Arriving at 48 Albemarle Street you immediately enter a stripped-back environment; surrounded by exposed brick, wood and metal. This industrial interior makes a refreshing change from the usual polished white-cubes of Mayfair and lends itself to ArtCircle’s second exhibition THE ESSENCE OF THINGS which features work by a number of artists associated with minimalism and post-minimalism.

Minimalism emerged as a form of abstract art during the late 1950s as artists reacted against and began to turn away from the gestural art of the previous generation. These artistic inquiries that developed throughout the 60s and 70s reduced art making to its essentials; they are typified by artworks composed of simple geometric shapes, attention to materiality, and a focus on the physical object in the space rather than any overt symbolic or emotional content.

THE ESSENCE OF THINGS brings together works by a diverse group of artists extending the narrative of minimal art to a wider circle of European and American artists, including work by Carl Andre, Richard Tuttle and François Morellet. While some artists focused on geometricity and systematic formal arrangements, others explored the poetic properties of materials like wood, iron or paper. The exhibition’s curator Berlin-based Daniel Marzona comments “the exhibition explores the essence of materials and forms showing that the formal clarity and simplicity of a work does not reduce the complexity of its perception.”

Robert Morris, Untitled, [Constructed Norman, Oklahoma], 1969, Ink on tracing paper, 55.88 x 76.2cm. Image courtesy ArtCircle
Marzona’s comments echo Robert Morris’s famous statement “Simplicity of shape does not necessarily equate with a simplicity of experience”. Morris was one of the leading theorists and practitioners of Minimalism. He often highlighted the process of construction above the final product; for example, this untitled ink drawing of 1969 on display in the exhibition acts as both a descriptive diagram for a sculpture and as a record of the impermanent installation. This allows the viewer to understand and envision not only the final structure, but also Morris’s process of making it and raises questions about the tangibility of art.

Günther Uecker, Plus-Minus-Nul (Objekt und Zeichnung), 1968, drawing, 62x62cm. Image courtesy ArtCircle

The process of making is also emphasised within the exhibition through Günther Uecker’s Plus-Minus-Nul formed of nails on tinplate wood. Uecker’s work is informed by his interest in repetitive practices and ritualistic processes, which culminate in his own practice of the lengthy yet meditative hammering of nails. These nail-relief works exceed two-dimensional limits and create a new plane to explore the patterns of light and shadow. The exhibition includes both the finished piece and preparatory drawing allowing the viewer to engage with the various stages of development.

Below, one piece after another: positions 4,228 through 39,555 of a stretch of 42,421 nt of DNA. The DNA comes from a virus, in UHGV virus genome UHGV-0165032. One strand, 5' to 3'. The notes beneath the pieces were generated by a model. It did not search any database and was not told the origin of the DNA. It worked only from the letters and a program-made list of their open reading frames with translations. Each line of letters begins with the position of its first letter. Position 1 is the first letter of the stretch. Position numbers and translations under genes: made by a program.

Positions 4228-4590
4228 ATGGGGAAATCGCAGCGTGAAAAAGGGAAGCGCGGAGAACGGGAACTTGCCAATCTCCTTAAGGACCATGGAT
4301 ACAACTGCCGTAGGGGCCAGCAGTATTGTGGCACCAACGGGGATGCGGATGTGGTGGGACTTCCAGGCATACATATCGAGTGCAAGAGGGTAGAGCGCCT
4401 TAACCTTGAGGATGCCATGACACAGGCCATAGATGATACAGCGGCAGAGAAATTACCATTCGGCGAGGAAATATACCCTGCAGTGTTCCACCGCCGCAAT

Uecker joined the Zero Group in 1961 and the exhibition also includes work by a number of other artists associated with the Group such as Heinz Mack (who founded Zero in 1857 with Otto Piene) and Herman de Vries. The Zero Group advocated for a new form of art, in part to erase the violent forces that had conditioned human experience during the war, their approach aimed to open up new forms of perception often through experimenting with light and motion.

Focusing on light is central to the work of Heinz Mack, in order to explore reflection, movement and structure. On display in the exhibition is a work from 1958 which represents his desire to counter composition with the so-called ‘structural zone’. By layering wet paint, he creates this ‘structural zone’ through a rhythmic modulation of colour producing the effect of vibrations. Mack stated, “I give the colour a vibration, i.e. give the colour a structure” from which comes “the expression of a pure emotion.”

The experiments with light within the works on display extend to the play of light that takes place throughout the exhibition space. In the day, huge windows flood the space with natural light and as night arrives works such as Stephen Antonakos’s neon piece 8 Foot Blue and Red Incomplete Circle (1975) form an imposing presence. Rather than presenting us with a teasing phrase, Antonako’s neon exchanges the frivolous for the essentialness of form, a tenant inherent throughout the exhibition. The space itself is reduced to its bare essentials, providing an industrial yet intimate environment, a fitting setting to view this diverse group of works from artists hailing from both sides of the Atlantic.

Among the chaos of Frieze week, THE ESSENCE OF THINGS provides a serene and stimulating opportunity to engage with Minimalism/Post-Minimalism in new ways and in a unique setting. Artists featured in the show include Carl Andre, Stephen Antonakos, Bernd Lohaus, Günther Uecker, Pier Paolo Calzolari, Herman de Vries, Richard Tuttle, Jef Verheyen, François Morellet, among others.

ArtCircle was founded by Natasha Chagoubatova, Elena Sereda and Volker Diehl and collaborates with museums, commercial galleries, collectors and artists’ estates to stage short-term selling exhibitions featuring works by leading artists. Central to its philosophy is to work closely with internationally renowned curators and art historians, which enables the organisation to realise scholarly shows on a more intimate scale than might otherwise be possible.

ArtCircle co-founder Elena Sereda: “Until now, pop-up exhibitions have largely been focused on young and emerging artists. Our intention is to revolutionise this format, and present the type of shows that you might encounter either in blue chip art galleries or in the collections of major museums, displaying them in unusual spaces that transcend the conformity of the white cube.”

by Harry Dougall

THE ESSENCE OF THINGS will be on view at 48 Albemarle Street until 8 October 2017

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